Prejudices and stereotypes about the educational choices of the children of immigrants are not just found in the literature or the media. A number of Kindt’s subjects reported confronting questions such as, “Why did you choose a typical minority field?”

These questions have been asked by fellow students and seminar leaders alike, says Kindt. Earlier in their educational tracks, the interviewees encountered comments from school advisors such as, “Shouldn’t you choose something less ambitious given your background?”

“My interviewees told me they worked hard to get where they are, that they are well integrated and have done all the right things. And yet they are still met with misgiving –people who think that they’ve made the right choice but for the wrong reasons,” says Kindt.

“To put it more simply, to avoid these attitudes they would need to choose a field such as art history or some other humanities subject. That choice might be seen as being more independent.” 

Must make untraditional choices to prove independence

The students’ own views around their educational choice differ markedly from narratives about social control.

“They speak of taking individual choices, for instance having always loved science or knowing from a young age they wanted to be a doctor. They also state that they have never been pressured,” says Kindt.

“At the same time, previous studies indicate that many do experience pressure.”

During the interviews the students said they feel stripped of their autonomy and individuality by the institutions and by individuals representing those institutions alike.

“As a result, these young people see themselves as distanced from their social surroundings,” says Kindt.

According to Kindt, the students reclaim their autonomy by telling their story, which may help to mitigate the stigma of just being a victim pushed into decisions by their family.

“But they are not necessarily using this narrative in a calculated way. There may be many reasons for why my interviewees invoke independence and freedom when they talk about their educational choices, and I don’t have data to draw any definitive conclusions here,” she says.

“Moreover, their accounts of free choice fully reflect the norms and values that children are taught in the Norwegian school system.”

Applies more widely to women

The cultural explanation is particularly applied when discussing the educational choices of immigrants’ daughters, in the research literature as well as in the media. One myth is that the daughters of immigrants do so well in school because they are kept home by their parents instead of going out enjoying free time, explains Kindt.

“Many are concerned about the fate of these immigrant daughters once they complete their education: Will they just have children and stay at home?”

Some of the interviewees have been subjected to insulting comments from classmates.

“One interviewee recounted a classmate asking her, ‘What’s the point of this if you are just going to be married off?’” This stereotype is about both gender and ethnicity, says Kindt.

Researchers are divided into two camps. One argues that education is liberating because it leads to meeting people of different backgrounds, makes one question one’s own upbringing and traditions, and raises the likelihood of marrying outside one’s ethnic or religious group.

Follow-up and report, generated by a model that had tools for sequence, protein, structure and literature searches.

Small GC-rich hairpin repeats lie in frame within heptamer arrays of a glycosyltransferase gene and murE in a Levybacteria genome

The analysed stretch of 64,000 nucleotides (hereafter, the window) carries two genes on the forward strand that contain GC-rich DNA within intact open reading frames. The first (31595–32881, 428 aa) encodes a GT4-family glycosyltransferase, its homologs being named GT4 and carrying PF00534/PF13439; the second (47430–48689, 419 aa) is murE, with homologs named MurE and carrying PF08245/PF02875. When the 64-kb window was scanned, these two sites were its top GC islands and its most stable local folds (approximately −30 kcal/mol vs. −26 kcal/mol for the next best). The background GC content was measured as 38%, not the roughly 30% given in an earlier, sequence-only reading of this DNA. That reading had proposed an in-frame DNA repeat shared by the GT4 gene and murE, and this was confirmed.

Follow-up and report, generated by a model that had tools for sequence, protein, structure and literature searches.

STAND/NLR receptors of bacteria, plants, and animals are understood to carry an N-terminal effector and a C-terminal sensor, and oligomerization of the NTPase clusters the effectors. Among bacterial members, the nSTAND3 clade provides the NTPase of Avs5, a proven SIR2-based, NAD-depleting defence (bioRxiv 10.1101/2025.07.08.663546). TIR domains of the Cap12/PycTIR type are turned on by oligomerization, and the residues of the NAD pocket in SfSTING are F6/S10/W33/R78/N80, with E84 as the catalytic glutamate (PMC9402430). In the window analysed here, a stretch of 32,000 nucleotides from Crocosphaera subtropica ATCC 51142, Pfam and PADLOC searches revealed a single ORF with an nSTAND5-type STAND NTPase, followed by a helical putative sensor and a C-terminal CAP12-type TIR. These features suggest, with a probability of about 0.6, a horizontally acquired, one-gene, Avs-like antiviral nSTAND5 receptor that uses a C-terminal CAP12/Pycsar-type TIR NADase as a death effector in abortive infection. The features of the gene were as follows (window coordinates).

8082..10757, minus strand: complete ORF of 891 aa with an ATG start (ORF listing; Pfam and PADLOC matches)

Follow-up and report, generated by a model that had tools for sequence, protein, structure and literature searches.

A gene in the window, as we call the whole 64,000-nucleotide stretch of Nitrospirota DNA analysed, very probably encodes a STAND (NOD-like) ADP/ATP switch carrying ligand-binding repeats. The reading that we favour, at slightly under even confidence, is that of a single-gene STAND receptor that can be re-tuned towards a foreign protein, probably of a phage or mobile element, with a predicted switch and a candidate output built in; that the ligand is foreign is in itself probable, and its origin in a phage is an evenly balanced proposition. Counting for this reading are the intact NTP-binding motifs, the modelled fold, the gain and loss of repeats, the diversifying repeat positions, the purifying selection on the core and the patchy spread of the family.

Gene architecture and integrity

The other camp argues that education for immigrant women is mainly about laying a good foundation – becoming a good mother and achieving status in the family. Their pursuing an education can thus be interpreted as the result of doing what their family and network expect of them.

Want to own their story

The women that Kindt interviewed do not paint a black-and-white picture.

They argue that it is fully possible to reconcile full freedom and independence with a focus on family and giving consideration to their parents’ wishes, says Kindt.

“They are very clear about not wishing to be stay-at-home mothers, for example. However, this does not mean that they don’t value the family’s advice when it comes to whom they should marry. They want a spouse with the same background, someone their parents have helped to find.”

The women interviewees are able to make arranged marriage, which they call “introduced marriage”, compatible with liberal values.

“They say they can always say no to a proposed partner, and that it is important not to have children straightaway. They also support paternity leave and say that men need to accept that women have a career.”

Many find it liberating in itself that their parents are going to help them to find a boyfriend. This allows them to concentrate their energy on fulfilling their career plans. According to Kindt, the women report that it saves them time.

“This is a very positive narrative of how the majority and minority cultures can go hand-in-hand. But it is not always so simple. Many of the women express concern about what would happen, for instance, if they were to fall in love with someone from the “wrong background”.

This generation of immigrant children is still young, and thus there is insufficient information about what happens after they have completed their education.

“One thing that is certain is that immigrant daughters have jobs far more often than their mothers, but they still lag slightly behind the employment rates of majority women. This difference is often ascribed to traditional patterns of gender roles.”

Kindt has attempted to shed light on stereotypes and how the women students deal with them.

“They report that even though they are well on their way to becoming super-integrated in structural terms, it does not mean they have to give up all their traditions. In this way they take ownership of their own stories.”
 

Translated by Darren McKellep and Carol B. Eckmann.

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Marianne Takvam Kindt defended her doctoral thesis Beyond heritage and acculturation. Accounts of upbringing, choices, and plans from children of immigrants in prestigious higher education in Norway at the University of Oslo’s Faculty of Educational Sciences on 2 May 2019.

Kindt has a master’s degree in sociology and a PhD in education, and works as a researcher at the Fafo Research Foundation.